At a proceeding supplemental, it is the duty of the judgment-debtor to pay the judgment or come forward with property so that execution may proceed. Id. Generally, three types of relief are available to a judgment-creditor through a proceedings supplemental: 1) the judgment-debtor is required to appear before the trial court and be examined as to available property; 2) the judgment-debtor is required to apply particular property to the satisfaction of the judgment; and 3) a third-party garnishee is joined as a party and is required to answer as to non-exempt property held by the garnishee for the debtor or an obligation owing from the third-party to the debtor. Id.
A garnishment proceeding is a means by which a judgment-creditor seeks to reach property or credits of a judgment-debtor which are in the hands of a third person so that they may be applied in favor of the judgment. Keaton, 780 N.E.2d at 1185. In the event that a person is named as a garnishee, the motion must allege that the “garnishee has or will have specified or unspecified nonexempt property of, or an obligation owing to the judgment-debtor subject to execution or proceedings supplemental to execution ․” T.R. 69(E). Additionally, we have held that “garnishment proceedings are a means whereby a judgment-creditor seeks to reach property or credits of the judgment-debtor in the hands of third persons and have them applied in satisfaction of the judgment.” Lakeshore Bank and Trust Co. v. United Farm Bureau Mut. Ins. Co., Inc., 474 N.E.2d 1024, 1026 (Ind.Ct.App.1985).
In the present case, Thomalla identified Freidline as the garnishee in his verified motion underlying the proceeding supplemental, and further alleged that Freidline held assets of the Land Trust which should be applied towards the Land Trust's judgment debt. In this regard, Thomalla focuses our attention on the terms of the Land Trust Agreement, entered into between TrustCorp Bank as trustee and Freidline as one hundred percent beneficiary, which provide, in pertinent part, that:
The beneficiaries shall have the sole possession, management and control of the selling, renting, repairing, maintaining and handling of the property and the trustee shall have no right or duty in respect to such matters. The beneficiaries shall have the right to execute leases and collect rents in their own name or through their agents․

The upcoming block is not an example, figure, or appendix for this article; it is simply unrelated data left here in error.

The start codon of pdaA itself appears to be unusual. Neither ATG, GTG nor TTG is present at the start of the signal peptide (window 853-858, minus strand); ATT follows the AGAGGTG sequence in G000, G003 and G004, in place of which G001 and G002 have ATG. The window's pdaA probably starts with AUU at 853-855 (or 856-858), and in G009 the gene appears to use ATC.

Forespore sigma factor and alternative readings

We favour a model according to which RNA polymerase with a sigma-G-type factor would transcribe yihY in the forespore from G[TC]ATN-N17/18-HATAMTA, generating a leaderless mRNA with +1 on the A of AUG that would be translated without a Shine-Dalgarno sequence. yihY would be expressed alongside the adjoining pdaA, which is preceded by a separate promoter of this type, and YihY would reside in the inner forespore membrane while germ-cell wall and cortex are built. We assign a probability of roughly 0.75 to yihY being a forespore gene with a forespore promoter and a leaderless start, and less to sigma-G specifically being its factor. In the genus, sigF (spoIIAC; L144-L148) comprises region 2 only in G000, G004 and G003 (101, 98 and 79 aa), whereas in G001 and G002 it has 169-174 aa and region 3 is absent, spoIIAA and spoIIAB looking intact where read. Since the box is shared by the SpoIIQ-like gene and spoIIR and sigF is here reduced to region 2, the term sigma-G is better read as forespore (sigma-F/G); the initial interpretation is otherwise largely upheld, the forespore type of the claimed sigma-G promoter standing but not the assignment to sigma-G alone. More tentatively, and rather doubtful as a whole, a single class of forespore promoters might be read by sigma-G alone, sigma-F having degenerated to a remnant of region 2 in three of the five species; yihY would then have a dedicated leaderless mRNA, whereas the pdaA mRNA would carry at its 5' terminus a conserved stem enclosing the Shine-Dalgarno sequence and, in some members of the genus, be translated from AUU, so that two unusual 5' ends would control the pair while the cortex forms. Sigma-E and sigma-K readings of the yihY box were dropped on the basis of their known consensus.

(Appellant's App. p. 61). Furthermore, the record establishes that during the proceedings supplemental hearing, Freidline admitted to collecting rents and profits from the trust corpus and including this income on his personal income tax returns. Pursuant to his testimony, he paid the utility bills associated with the building and made the mortgage payments. In effect, Freidline retained absolute control of the management of the trust corpus and received all the proceeds from it. As such, while the title to the trust corpus was transferred to the Land Trust, it appeared that Freidline retained true ownership of the property. Accordingly, we agree with the trial court that Freidline possesses nonexempt property and obligations owing to the judgment-debtor subject to proceedings supplemental to execution. See T.R. 69(E). Thus, we find that there is no material issue of fact with regard to Freidline's liability for the Land Trust's judgment debt.
Nevertheless, Freidline now asserts that the trial court's grant of summary judgment denied him his due process right to defend against personal liability. Specifically, the trial court, in its conclusion, appeared to award Thomalla a blank check to execute the judgment debt against all of Freidline's assets. However, it is well established that property in which the judgment-debtor has no present interest may not be subjected to garnishment. National Mut. Ins. Co. v. Sparks, 647 N.E.2d 375, 377 (Ind.Ct.App.1995), reh'g denied, trans. denied. A judgment attaches only to the extent that the judgment-debtor has an interest in the property sought to be attached. Id. As commentary to T.R. 69(E) explains:
Rule 69(E) does not alter or modify the existing rules as to the property which may be subjected to creditor process by means of proceedings supplemental to execution. Although certain interests in the debtor's property cannot be subjected to a levy of execution, proceedings supplemental to execution may be used to marshal any asset owned by the debtor which may be transferred by the debtor. After a hearing, a judge may order any property, income, or other asset of the judgment debtor which is not exempt from execution to be applied to the satisfaction of the judgment, whether the asset is in the hands of the judgment debtor or the garnishee defendant.
Arend v. Etsler, 737 N.E.2d 1173, 1175 (Ind.Ct.App.2000) (citing Harvey, 4 Ind. Practice 470 (1991)) (emphasis added). Thus, we remand to the trial court with instructions to identify the specific property of the Land Trust held by Freidline, or obligations by Freidline to the Land Trust on which execution can be levied to satisfy the judgment debt in favor of Thomalla.
In light of the foregoing, we find that Freidline, as sole beneficiary of the Land Trust, is responsible for the Land Trust's judgment debt to Thomalla, and we remand to the trial court with instructions to identify the specific property of the Land Trust held by Freidline, or obligations by Freidline to the Land Trust on which execution can be levied to satisfy the judgment debt.
Affirmed in part, reversed in part, and remanded with instructions.
VAIDIK, J., and DARDEN, J., concur.
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Docket No: No. 71A05-0602-CV-91.
Decided: August 07, 2006
Court: Court of Appeals of Indiana.